This shouldn’t be a surprise. After all, as noted by D’Sa, most household purchasing decisions are made by women - it makes sense that advertising reflecting a more balanced and realistic portrayal of women would perform better.

For example, D’Sa mentioned a Guinness campaign in Cameroon featuring football superstar Gaelle Enganamouit, and including a personal dialog about what the brand means to her. This was a new artistic direction for Guinness, and has been extremely well-received.

Guinness campaign featuring female footballer, DMWF 2019

Another great example he mentioned was the Royal Challenge Whisky brand in India. For the latest Royal Challenge ad campaign, Diageo shifted its previous focus on male characters to female ones, and saw a 70% boost in ROI as a result.

 +70% ROI for a campaign after incorporating positive gender portrayal in India, DMWF 2019

When you’re talking about such massive numbers, it’s no wonder brands are starting to pay attention.

“What’s good for the world is good for business” 

Championing diverse and meaningful gender portrayal in advertising is the right thing to do. However, it also happens to be great for the bottom line.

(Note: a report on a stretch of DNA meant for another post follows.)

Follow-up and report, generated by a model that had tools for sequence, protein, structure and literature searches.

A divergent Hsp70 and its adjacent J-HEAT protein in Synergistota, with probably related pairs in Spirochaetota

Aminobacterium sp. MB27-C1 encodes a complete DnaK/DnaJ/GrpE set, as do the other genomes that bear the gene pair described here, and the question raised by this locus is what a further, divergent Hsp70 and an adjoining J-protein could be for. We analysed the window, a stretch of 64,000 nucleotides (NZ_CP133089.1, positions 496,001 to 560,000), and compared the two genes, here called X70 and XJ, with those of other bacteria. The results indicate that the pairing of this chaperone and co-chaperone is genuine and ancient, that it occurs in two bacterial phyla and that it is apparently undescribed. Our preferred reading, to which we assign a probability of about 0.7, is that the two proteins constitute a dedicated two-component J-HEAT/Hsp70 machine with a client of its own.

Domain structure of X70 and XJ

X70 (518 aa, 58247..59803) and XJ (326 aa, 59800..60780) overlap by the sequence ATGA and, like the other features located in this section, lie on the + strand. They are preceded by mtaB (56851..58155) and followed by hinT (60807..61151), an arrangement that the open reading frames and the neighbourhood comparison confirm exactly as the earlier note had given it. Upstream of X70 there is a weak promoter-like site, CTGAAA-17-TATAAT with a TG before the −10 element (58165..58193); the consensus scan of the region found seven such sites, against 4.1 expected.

As Diageo have found out, consumers respond positively to more realistic examples of gender and diversity. When people see more nuanced representation in advertising, they pay attention. 

The business case for equal gender portrayal, DMWF 2019

And as Malcolm D’Sa says, “What’s good for the world is good for business.”

Global brands like Diageo can do a lot to create change. As the owner of over 200 alcohol brands, including Johnnie Walker, Baileys, and Ciroc, Diageo has a huge amount of power to push for the positive portrayal of gender in alcohol advertising.

Agencies that wish to work with great brands will be motivated to follow suit. If enough big brands pay attention to this issue, we could very well see the end of alcohol advertisements that treat women as nothing more than punchlines.

To truly make progress in this area, companies need to understand their customers in detail, and give them more of what they want. That’s why it’s so important to have access to informed consumer insights